from the Scotsman
The Opium Traders
Jardine Matheson & Co
ONE of the most influential trading companies in the Far East was
co-founded by William Jardine and James Matheson.
William Jardine was hired in 1802 by the legendary East India Company as
an 18-year-old straight out of Edinburgh Medical School to be a surgeon
on an eight-month voyage from London to Canton. The crews were allowed
cargo for their own private trading and Jardine did so well that he set
up on his own in 1817.
Jardine Matheson was founded 15 years later after a meeting with another
Scots trader, James Matheson from Sutherland.
In 1834 the pair sent the first private shipments of China tea to
England. Another big export to the UK was silk. In return they traded
opium, widely used in China and at that time legal in Britain .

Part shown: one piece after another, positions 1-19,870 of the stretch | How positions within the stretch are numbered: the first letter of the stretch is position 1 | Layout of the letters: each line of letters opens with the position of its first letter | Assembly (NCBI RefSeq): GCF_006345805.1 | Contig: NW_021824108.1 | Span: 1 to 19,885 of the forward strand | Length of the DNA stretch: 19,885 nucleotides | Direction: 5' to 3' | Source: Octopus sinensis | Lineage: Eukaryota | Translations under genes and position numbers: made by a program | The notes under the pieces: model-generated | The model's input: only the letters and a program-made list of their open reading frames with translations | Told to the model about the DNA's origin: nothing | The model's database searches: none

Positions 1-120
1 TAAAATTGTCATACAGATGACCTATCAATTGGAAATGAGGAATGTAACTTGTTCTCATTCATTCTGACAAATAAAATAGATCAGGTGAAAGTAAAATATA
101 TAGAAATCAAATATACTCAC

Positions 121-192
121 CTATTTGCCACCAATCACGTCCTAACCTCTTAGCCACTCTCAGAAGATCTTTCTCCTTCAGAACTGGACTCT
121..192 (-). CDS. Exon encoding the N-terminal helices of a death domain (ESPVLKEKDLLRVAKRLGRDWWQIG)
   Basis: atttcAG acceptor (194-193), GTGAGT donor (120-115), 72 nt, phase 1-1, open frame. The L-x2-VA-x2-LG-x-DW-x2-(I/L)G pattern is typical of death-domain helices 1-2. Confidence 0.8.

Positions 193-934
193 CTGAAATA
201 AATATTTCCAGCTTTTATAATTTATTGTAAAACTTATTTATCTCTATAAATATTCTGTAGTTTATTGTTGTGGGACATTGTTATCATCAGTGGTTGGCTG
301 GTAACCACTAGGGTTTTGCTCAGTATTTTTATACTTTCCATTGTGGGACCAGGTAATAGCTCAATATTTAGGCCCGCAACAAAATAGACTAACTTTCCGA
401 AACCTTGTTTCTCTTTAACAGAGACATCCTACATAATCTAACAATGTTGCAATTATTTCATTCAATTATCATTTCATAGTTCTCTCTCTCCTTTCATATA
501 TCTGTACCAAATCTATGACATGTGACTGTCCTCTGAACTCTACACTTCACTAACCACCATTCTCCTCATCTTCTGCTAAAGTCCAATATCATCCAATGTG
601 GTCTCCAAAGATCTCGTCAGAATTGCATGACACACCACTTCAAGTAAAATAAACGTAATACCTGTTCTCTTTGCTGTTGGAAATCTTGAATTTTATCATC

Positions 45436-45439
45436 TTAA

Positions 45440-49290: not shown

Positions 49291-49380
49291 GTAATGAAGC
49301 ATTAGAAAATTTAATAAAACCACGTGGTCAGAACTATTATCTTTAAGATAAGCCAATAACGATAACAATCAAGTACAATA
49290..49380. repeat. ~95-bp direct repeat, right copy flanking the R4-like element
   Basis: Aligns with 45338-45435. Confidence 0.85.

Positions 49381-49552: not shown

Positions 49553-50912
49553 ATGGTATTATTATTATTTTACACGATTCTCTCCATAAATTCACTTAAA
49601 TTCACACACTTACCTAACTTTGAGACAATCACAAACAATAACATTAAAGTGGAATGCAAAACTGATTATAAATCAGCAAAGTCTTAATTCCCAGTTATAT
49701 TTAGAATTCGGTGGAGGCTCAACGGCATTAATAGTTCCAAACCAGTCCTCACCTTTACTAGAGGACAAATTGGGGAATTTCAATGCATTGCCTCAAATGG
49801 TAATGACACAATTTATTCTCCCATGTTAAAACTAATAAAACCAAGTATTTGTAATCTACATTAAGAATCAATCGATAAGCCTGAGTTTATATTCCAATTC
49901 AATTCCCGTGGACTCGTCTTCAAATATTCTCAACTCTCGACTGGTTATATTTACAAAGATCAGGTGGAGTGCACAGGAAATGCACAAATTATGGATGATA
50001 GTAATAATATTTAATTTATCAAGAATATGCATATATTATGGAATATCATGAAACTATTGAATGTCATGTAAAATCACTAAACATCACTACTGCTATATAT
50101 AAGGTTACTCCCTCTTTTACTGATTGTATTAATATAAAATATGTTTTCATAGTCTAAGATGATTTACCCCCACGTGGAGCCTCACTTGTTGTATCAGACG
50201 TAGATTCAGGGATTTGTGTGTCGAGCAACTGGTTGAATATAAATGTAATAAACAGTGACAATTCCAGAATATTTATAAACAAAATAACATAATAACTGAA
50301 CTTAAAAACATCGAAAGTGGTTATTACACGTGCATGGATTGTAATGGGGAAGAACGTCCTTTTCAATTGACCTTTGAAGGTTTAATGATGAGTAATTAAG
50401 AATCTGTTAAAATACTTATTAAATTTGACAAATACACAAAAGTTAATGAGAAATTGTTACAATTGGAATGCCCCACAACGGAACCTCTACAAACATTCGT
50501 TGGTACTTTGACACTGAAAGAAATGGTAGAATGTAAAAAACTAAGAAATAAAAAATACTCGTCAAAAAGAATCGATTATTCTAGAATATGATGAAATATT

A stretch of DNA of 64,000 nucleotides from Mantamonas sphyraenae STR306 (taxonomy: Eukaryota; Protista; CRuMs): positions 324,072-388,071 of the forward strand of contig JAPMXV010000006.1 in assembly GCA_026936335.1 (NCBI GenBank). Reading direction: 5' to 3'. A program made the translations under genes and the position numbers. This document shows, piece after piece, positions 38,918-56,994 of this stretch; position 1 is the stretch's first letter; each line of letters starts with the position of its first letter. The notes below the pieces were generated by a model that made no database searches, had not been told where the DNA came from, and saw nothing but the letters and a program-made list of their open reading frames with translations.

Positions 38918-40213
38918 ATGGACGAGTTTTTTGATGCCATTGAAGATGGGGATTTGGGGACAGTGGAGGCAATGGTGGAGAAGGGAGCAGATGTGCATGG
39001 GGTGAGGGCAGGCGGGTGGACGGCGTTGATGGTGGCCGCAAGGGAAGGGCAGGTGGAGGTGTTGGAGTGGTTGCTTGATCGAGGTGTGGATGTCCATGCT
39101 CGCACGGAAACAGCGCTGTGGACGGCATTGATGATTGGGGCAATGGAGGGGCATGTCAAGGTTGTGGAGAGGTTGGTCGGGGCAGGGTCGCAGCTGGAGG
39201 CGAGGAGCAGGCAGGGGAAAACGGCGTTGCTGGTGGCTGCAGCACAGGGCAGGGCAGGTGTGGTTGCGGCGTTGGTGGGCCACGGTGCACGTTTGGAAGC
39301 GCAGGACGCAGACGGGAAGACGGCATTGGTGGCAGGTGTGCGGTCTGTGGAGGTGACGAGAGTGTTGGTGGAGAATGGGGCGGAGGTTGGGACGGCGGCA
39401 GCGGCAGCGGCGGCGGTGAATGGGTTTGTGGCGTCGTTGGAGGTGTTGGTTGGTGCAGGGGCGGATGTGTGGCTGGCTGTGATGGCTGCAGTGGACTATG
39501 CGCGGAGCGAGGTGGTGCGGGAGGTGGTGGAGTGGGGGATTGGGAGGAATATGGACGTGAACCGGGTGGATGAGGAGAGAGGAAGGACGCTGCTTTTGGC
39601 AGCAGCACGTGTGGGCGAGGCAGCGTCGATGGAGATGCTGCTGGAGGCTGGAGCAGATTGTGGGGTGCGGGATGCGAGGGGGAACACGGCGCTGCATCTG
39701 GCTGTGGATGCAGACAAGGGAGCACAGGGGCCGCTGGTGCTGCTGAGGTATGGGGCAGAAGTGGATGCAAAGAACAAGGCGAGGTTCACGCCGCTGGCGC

Jardine Matheson~ez_rsquo~s early profits were based on the enforced
importation of Indian opium into China. When the Chinese emperor tried
to ban the trade, the company called on Britain to compel China to
accept the drug, leading in 1840 to two Opium Wars.
Jardine Matheson became the first foreign trading house in Japan,
expanding its trade to coal, metals and machinery.
Taking advantage of the Treaty of Nanking in 1842 which made Hong Kong a
British colony, Jardine Matheson expanded into Shanghai, Canton, Amoy
and Fuzhou, and invested in land in the rising commercial centre of Hong
Sir Alexander Matheson, James Matheson~ez_rsquo~s nephew, also made his fortune
in China. Some of the profits were to build the baronial west Highland
Duncraig Castle in Plockton, later bequeathed to the public.
Today Jardine Matheson is a vast commercial empire encompassing
financial services, supermarkets, engineering, consumer marketing,
construction, motor trading, property and hotels, with offices across
Asia and the UK, Australia and America.
Thursday, 13th September 2001
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